Machinery Lubrication

Machinery Lubrication March-April 2020

Machinery Lubrication magazine published by Noria Corporation

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Page 18 of 88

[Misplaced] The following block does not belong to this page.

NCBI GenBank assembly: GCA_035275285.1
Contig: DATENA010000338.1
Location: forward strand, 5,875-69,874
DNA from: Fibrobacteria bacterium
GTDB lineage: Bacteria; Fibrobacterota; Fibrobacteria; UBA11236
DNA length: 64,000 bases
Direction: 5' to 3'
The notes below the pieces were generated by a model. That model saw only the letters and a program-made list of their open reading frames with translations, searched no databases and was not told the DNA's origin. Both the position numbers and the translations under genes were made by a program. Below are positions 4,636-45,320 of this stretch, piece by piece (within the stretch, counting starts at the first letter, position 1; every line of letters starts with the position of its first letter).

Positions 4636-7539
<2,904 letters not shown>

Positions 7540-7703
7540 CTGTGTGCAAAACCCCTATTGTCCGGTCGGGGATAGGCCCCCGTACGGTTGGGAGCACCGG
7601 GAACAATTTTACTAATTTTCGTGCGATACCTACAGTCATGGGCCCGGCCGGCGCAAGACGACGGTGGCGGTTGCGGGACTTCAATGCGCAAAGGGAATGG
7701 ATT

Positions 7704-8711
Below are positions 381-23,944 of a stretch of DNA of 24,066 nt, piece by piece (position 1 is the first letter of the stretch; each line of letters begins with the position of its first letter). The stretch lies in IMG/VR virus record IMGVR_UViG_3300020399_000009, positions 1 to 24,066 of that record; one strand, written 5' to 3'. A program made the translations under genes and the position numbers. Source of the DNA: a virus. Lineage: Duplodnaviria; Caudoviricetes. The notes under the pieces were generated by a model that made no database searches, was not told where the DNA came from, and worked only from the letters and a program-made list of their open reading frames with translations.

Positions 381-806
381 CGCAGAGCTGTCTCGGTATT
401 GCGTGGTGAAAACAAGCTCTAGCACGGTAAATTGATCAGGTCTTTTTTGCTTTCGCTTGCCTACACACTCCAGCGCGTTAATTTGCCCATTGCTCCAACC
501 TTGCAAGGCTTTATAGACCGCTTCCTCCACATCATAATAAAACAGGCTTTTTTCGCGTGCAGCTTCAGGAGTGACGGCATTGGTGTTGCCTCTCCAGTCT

16 | March - April 2020 | www . Most hydraulic system failures can be classified as either a pressure problem or a volume problem. It normally is easy to tell which of these you are experiencing if you understand the difference between pressure and f low. This critical concept was covered in my recent Machinery Lubrication article titled "Hydraulic Pressure vs. Flow: Understanding the Difference." Armed with this knowledge, you can troubleshoot any system by simply eliminating the compo- nents that could not be causing the problem, isolating the components that could be causing the problem and then making checks of the possible culprits. In my experience, once a pres- sure problem is encountered, the f irst component to be changed is t he hyd rau lic pu mp. T h is frequently is a mistake. A common misconception is that pressure comes from the pump, thus making it the most likely suspect. Quite the contrary, while it is possible for the pump to be the cause of a pressure problem, it certainly isn't the most likely cause. Usually, something else is faulty. e fastest way to determine the rea l cause while protecting the system from further damage is to use the following four essential steps. 1. Gather Information is step is often skipped in the interest of saving time, but it is very important in troubleshooting. A lot of information can be gathered in a short period of time. e most critical piece of information is the system schematic. Use it to trace the flow through the system and deter- mine which of your components could be causing the problem. A typical schematic containing compo- nents common to most systems is shown on page 17. You also will need to have a good understanding of the symptoms. Was the system working fine and then suddenly lost pressure, or did it happen gradually? Was it accompanied by a strange noise or an increase in temperature? If so, where in the system did the sound or heat originate? 2. Isolate the Power Supply A well-designed system typi- cally will have some way to isolate the power supply from the rest of the machine. A manual valve is commonly used, but it may be neces- sary to plug a line. In the example schematic, there is a manual valve between the system relief valve and the directional valve. Close it and see what, if anything, changes. is often can cut your troubleshooting time in half. For instance, if the pressure is low and nothing moves, but when the manual valve is closed, the pressure builds and the relief valve begins to dump, you know the power supply is working fine and the problem is somewhere downstream. By the same token, if nothing changes, obviously the problem is in the power supply. 4 Steps to Diagnose Low System Pressure HYDRAULICS Jack Weeks | GPM Hydraulic Consulting You can troubleshoot any system by eliminating the components that could not be causing the problem, isolating the components that could be causing the problem and then making checks of the possible culprits.

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